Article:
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Grant gives shelters ‘Garage for Good’

Posted on Apr 20, 2017, by

With a single oil change you can further the training of women in a non-traditional trade and support survivors of abuse.

The “Garage for Good” on the Grand Chute campus of Fox Valley Technical College supports programs at Harbor House in Appleton and the Christine Ann Center in Oshkosh. A $78,000 grant from the Basic Needs Giving Partnership of the Community Foundation got the program on its feet. BNGP grants are funded by the U.S. Venture Fund for Basic Needs from the annual U.S. Venture Open golf outing, with additional money from the J. J. Keller Foundation and other community partners.

The program — officially called Jump Start — provides free or reduced-price service to abuse survivors, offers them training and employment and will generate revenue for the shelter programs. Organizers are hoping to raise 20% of the necessary revenue from full-pay customers.

FVTC has provided space in the J. J. Keller Transportation Center, 1825 N. Bluemound Dr., as well as equipment and a lot of expertise.

“It’s been a long time coming,” Harbor House Executive Director Beth Schnorr said. “We’re very proud of our technicians.”

There was some initial concern that other repair garages would object, Maria Wierichs, executive director at Christine Ann, said, but the “competition” is offering to help Jump Start, too.

Since it opened in March, garage customers have included many FVTC staff members, supporters of the two domestic abuse shelters and the general public. The clientele is overwhelmingly women, Wierichs said, perhaps because of the “purple carpet promise” that technicians will fully explain what’s wrong with the vehicle and the repairs that are clearly needed. That’s a promise men are appreciating as well, she said, because they don’t have to pretend to know how a car runs just by virtue of being male.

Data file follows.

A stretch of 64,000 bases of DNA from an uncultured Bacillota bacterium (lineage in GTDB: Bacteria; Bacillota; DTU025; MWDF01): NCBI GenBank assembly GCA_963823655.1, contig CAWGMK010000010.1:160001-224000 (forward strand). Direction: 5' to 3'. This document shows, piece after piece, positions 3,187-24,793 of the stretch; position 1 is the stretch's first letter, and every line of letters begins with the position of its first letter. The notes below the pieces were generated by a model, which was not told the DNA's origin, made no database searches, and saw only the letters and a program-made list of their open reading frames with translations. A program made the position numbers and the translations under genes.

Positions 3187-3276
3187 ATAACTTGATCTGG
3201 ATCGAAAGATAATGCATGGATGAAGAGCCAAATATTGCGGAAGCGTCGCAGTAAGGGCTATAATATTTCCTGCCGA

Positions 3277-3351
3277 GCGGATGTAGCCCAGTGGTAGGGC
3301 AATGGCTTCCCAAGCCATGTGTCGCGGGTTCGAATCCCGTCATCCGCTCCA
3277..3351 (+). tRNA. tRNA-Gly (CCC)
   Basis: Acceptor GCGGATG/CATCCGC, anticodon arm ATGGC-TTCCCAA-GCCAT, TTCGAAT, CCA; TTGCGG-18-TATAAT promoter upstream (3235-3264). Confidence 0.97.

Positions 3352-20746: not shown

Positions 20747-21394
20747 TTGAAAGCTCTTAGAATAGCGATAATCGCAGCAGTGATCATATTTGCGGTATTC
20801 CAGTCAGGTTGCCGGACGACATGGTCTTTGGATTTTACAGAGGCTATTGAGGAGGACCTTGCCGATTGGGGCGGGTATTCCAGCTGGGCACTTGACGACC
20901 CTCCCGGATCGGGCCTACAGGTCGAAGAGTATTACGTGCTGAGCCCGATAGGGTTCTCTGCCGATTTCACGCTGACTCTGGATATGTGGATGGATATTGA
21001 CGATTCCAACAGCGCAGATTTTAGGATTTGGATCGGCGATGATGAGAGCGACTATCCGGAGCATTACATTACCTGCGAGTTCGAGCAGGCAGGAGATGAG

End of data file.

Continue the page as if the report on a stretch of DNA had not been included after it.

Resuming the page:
For the abuse survivors, it’s more than a car repair.

“Lack of financial independence is a reason survivors are unable to escape an abusive situation,” Schnorr said. Another is a lack of reliable transportation.

“You have to have your car maintained,” Wierichs pointed out. “This is also doing good. It’s a bonus.”


Jump Start is open 8 a.m. to 5 p.m. Fridays and Saturdays. For an appointment, call (920) 572-4327.

Jump Start has these goals for its first year:

100-200 full-pay customers.
35 to 70 clients receiving low- or no-cost repairs.
50% repeat customers.
50% of those receiving help begin or stay enrolled in school.
Six to eight clients complete automotive training at FVTC.

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